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Master's Nursing Graduate Programs: An Introduction

By Kathleen Dracup updated on Friday, October 18, 2013

The transformation of the healthcare system is taking place as you read this, and nursing graduate students can benefit from it:

  • A mother brings her child into a clinic for treatment of an earache. Instead of a physician, a nurse practitioner provides the care.
  • A patient is readied for surgery. A variety of specialists move around the surgery room, but it's not a specially trained physician administering the anesthetic—it's a certified nurse anesthetist.
  • During a patient's recovery from an acute illness, it's decided that the patient no longer needs to stay in the hospital but isn't well enough to return home. The best place to continue the recovery is an intermediate-care facility. Who makes that decision and who oversees the physical and emotional rehabilitation programs at this facility? A clinical nurse specialist.

Advanced Practice Nurses Have Completed Nursing Graduate Work

These healthcare professionals are all advanced practice nurses (APNs). All have graduate-level degrees, and they serve as proof that there is a demand for workers with a nursing master's degree or nursing doctorate in a variety of clinical specialties, as well as teaching and research roles.

Variety of Nursing Master's Programs

There are more than 330 master's degree programs accredited by the Commission on Collegiate Nursing Education (CCNE) or by the National League for Nursing Accrediting Commission (NLNAC). The wide spectrum of programs includes the Master of Science in Nursing (M.S.N.) degree, Master of Nursing (M.N.) degree, Master of Science (M.S.) degree with a nursing major, or Master of Arts (M.A.) degree with a nursing major. The specific degrees depend on the requirements set by the college or university or by the faculty of the nursing program.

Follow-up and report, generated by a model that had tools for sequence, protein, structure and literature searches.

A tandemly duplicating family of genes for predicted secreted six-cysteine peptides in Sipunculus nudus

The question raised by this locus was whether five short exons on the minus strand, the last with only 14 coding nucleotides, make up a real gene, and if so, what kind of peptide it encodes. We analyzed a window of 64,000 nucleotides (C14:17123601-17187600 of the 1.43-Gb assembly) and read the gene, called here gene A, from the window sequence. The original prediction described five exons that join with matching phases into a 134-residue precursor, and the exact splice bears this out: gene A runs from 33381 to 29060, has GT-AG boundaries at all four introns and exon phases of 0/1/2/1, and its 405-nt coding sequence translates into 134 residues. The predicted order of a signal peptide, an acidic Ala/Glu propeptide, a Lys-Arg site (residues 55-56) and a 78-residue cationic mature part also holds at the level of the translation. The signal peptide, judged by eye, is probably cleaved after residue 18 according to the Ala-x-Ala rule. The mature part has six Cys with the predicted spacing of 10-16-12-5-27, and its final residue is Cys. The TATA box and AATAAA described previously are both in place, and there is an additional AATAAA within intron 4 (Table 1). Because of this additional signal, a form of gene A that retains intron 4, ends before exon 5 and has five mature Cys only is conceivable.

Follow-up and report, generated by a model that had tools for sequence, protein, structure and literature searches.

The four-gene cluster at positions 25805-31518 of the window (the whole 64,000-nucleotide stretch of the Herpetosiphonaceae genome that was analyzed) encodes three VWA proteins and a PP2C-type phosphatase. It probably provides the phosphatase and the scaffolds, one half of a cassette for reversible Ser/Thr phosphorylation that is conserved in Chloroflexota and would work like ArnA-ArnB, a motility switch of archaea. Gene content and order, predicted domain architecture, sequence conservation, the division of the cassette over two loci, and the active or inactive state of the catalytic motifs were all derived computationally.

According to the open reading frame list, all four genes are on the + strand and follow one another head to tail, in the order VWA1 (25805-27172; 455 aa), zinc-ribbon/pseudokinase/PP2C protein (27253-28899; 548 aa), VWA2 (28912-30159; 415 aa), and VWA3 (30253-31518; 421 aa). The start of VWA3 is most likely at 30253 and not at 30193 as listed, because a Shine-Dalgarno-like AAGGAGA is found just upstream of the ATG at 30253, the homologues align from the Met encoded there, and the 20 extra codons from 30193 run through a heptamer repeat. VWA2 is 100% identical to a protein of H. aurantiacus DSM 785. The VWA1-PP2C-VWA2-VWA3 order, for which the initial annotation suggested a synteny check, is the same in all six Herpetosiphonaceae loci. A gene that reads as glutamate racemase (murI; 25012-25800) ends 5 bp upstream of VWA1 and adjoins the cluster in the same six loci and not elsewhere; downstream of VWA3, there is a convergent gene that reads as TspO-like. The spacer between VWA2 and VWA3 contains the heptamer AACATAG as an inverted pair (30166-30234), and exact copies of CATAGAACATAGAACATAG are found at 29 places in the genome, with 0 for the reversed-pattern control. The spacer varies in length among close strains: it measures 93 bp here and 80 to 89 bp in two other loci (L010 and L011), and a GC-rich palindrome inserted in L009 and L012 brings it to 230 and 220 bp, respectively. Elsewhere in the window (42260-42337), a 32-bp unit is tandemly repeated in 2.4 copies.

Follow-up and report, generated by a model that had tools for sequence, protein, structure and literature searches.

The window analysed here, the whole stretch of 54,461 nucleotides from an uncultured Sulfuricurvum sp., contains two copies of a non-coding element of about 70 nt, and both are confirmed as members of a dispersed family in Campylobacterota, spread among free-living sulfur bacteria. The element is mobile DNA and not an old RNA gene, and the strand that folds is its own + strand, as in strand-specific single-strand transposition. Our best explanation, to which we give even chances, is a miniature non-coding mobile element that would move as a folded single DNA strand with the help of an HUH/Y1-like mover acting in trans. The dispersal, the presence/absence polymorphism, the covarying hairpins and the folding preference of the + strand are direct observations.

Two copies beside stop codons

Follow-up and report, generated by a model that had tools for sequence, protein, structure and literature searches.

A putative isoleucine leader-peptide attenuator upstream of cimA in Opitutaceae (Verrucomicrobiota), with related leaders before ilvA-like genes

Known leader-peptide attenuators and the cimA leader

There are also accelerated programs for RNs, which allow the nurse with a hospital diploma or associate's degree to earn both a baccalaureate and a master's degree in a condensed program. Some schools offer accelerated master's degree programs for nurses with non-nursing degrees. There are joint-degree programs, such as a master's in nursing combined with a Master of Business Administration, Master of Public Health, or Master of Hospital Administration.

Nursing Master's is Educational Core for APN

A master's degree in nursing is the educational core that allows advanced practice nurses to work as nurse practitioners, certified nurse-midwives, clinical nurse specialists, and certified nurse anesthetists.

  • Nurse practitioners conduct physical exams, diagnose and treat common acute illnesses and injuries, administer immunizations, manage chronic problems such as high blood pressure and diabetes, and order lab services and X-rays.
  • Nurse-midwives provide prenatal and gynecological care, deliver babies in hospitals and private settings such as homes, and follow up with postpartum care.
  • Clinical nurse specialists provide a range of care in specialty areas, such as oncology, pediatrics, and cardiac, neonatal, obstetric/gynecological, neurological, and psychiatric nursing.
  • Nurse anesthetists administer anesthesia for all types of surgery in operating rooms, dental offices, and outpatient surgical centers.
  • Master's degrees in nursing administration or nursing education are also available.

One study estimates that the U.S. could save as much as $8.75 billion annually if APNs were used appropriately in place of physicians. As more and more of the restrictions on APNs succumb to legislative or economic forces, the demand for graduate-level nurses, such as those with a nursing master's degree or nursing Ph.D., is expected to remain high.

Nursing Programs Offering a Master's Degree
About the Author

Dr. Kathleen Dracup (D.N.Sc adn RN) served as the Dean, School of Nursing, of the University of California, San Francisco, from 2001 through 2010.

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